“We have investigated cases where people have been pistol-whipped, held at gunpoint, beaten, and told they would have their tongues cut out if they talked to the authorities,” says Lucas Benitez of the CIW, and 2003 RFK Human Rights Award Laureate. “Of course, that’s the extreme of exploitation in the fields, but sweatshop conditions -- sub-poverty wages, no right to organize, no right to overtime pay, no health insurance, no benefits at all -- are our everyday reality.”
Brian Payne of the Student/Farmworker Alliance adds, “Taco Bell has a policy that it will not buy food from suppliers that mistreat animals. All we are asking is that they have the same policy for humans. As an example, many workers today still earn 40 cents per bucket of tomatoes picked -- the same piece rate paid a quarter-century ago. The market power of YUM, in contrast, has grown exponentially in that time, and that power to demand low prices for tomatoes is an important reason why the piece rate has remained stagnant for so long. Just as they can use their buying power to demand low prices, they can turn it around and demand humane working conditions, too.”
The latest US Department of Labor report on farm labor conditions found “low wages and sub-poverty annual earnings ($7,500 a year),” concluding that US farmworkers are a “labor force in significant economic distress.” At the same time, the agri-food industry, from farms to fast-food corporations, has enjoyed unprecedented growth over the past two decades. That growth has allowed fast-food companies like Yum Brands to leverage their unprecedented market power to demand the lowest possible prices for their produce, depressing farmworker wages and working conditions in the process.
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Background: Developments in the Taco Bell Boycott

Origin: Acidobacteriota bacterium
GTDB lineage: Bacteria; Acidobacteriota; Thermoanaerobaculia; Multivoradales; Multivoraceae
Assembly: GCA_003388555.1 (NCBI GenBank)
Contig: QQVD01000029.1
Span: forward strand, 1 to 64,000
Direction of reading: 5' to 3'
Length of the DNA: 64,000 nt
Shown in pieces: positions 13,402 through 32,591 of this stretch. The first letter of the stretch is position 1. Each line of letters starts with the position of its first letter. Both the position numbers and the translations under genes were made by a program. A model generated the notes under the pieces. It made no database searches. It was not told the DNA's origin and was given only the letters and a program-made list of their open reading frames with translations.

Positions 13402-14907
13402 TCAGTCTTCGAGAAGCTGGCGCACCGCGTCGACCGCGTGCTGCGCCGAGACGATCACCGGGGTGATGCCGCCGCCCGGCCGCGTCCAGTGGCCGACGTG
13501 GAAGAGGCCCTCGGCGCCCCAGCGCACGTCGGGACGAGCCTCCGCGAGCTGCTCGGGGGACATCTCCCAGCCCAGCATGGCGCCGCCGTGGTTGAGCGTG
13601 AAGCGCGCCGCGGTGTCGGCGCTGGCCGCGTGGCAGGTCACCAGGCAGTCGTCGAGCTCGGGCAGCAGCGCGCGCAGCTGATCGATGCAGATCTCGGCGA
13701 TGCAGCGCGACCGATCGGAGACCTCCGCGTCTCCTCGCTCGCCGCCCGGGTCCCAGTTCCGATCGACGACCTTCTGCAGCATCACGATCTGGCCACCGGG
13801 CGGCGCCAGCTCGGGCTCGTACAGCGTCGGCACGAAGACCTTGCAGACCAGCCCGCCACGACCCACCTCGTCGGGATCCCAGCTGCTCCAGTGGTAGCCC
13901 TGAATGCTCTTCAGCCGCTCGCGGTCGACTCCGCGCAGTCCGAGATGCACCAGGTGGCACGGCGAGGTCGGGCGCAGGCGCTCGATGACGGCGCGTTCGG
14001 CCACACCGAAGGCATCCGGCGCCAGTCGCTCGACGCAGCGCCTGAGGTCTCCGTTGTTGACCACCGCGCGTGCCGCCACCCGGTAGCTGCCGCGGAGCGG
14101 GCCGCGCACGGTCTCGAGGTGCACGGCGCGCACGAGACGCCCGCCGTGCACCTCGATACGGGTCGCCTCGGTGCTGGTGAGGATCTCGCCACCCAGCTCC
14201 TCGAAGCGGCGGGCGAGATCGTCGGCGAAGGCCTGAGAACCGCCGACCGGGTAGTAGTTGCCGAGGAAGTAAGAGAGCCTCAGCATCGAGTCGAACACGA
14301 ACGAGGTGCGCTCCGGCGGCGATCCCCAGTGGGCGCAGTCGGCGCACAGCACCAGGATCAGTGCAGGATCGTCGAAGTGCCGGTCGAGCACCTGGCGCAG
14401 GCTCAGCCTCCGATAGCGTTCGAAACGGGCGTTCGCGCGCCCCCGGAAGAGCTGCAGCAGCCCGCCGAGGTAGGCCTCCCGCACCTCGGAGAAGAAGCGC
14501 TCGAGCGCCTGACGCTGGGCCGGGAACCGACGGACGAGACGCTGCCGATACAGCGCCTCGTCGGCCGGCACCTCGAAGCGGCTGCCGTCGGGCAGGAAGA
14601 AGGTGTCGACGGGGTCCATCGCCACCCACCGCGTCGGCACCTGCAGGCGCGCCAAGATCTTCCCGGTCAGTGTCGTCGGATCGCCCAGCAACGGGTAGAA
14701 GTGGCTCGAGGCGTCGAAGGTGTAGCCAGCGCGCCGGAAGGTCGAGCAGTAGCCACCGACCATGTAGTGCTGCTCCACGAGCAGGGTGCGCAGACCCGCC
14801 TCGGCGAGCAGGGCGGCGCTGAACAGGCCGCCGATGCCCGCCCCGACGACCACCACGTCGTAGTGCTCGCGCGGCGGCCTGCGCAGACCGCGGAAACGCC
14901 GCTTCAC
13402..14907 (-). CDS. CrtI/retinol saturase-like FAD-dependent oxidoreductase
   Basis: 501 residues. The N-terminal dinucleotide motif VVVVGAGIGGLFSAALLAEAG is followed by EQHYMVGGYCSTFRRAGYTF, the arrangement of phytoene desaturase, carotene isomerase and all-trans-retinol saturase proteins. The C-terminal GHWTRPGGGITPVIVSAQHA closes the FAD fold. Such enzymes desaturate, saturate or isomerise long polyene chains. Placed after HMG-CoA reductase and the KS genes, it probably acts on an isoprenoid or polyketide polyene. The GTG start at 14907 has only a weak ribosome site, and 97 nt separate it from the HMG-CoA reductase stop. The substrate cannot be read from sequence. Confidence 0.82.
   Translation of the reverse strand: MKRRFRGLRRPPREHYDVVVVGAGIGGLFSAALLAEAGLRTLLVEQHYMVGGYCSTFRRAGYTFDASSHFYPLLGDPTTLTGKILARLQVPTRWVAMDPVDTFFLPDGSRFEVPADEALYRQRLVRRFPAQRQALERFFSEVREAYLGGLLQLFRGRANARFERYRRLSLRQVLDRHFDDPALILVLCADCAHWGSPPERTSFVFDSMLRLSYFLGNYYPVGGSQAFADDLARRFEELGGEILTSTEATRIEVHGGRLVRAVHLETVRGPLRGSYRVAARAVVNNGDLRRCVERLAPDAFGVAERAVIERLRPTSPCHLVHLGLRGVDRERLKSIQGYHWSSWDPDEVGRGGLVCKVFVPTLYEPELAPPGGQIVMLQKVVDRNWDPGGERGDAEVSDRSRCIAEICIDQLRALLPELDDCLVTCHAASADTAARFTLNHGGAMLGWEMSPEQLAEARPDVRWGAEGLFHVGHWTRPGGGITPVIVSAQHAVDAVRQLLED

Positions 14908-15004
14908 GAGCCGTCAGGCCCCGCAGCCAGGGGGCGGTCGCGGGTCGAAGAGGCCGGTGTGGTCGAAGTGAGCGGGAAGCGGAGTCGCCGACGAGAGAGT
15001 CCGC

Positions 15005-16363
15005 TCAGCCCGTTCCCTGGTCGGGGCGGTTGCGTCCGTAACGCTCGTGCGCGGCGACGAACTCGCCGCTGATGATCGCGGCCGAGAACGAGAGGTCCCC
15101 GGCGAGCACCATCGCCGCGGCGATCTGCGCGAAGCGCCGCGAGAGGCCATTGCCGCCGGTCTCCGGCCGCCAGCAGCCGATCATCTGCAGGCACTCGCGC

In the less than three years since the boycott was launched:
* Students from eighteen schools and universities have successfully blocked or removed Taco Bell restaurants and products from campus, including the University of Chicago and University of San Francisco. The boycott is one of the fastest-growing student campaigns in the country.
* 39% of YUM’s shareholders voted in favor of a resolution supporting the Coalition of Immokalee Workers (May 2003), an unprecedented result for a responsible shareholder resolution on its first attempt;
* The National Council of Churches, representing 50 million Christians, endorsed the Taco Bell boycott (June 2003), as have dozens of unions, student movements, national churches, celebrities, and community organizations, including the LA County Federation of Labor, the Presbyterian Church USA, and United Students Against Sweatshops;
* The boycott has been covered by ABC World News Tonight, the New Yorker, the National Geographic, CNN, PBS, BBC World News, Financial Times of London, Washington Post, NPR, Court TV, Telemundo, Univision, and others;
* Three CIW members won the 2003 Robert F. Kennedy Human Rights Award for their fight against human rights violations and for corporate responsibility, the first time the Award has gone to a US organization;
* Public awareness of the agri-food industries’ role in depressing workers’ wages and working conditions has grown exponentially;
* The CIW investigated and assisted the Department of Justice in the criminal prosecution of yet another criminal slavery ring in Florida’s fields, and two more slavery operations were brought to public attention by the press;
* The CIW and YUM Brands (Taco Bell’s parent company) have met for talks several times.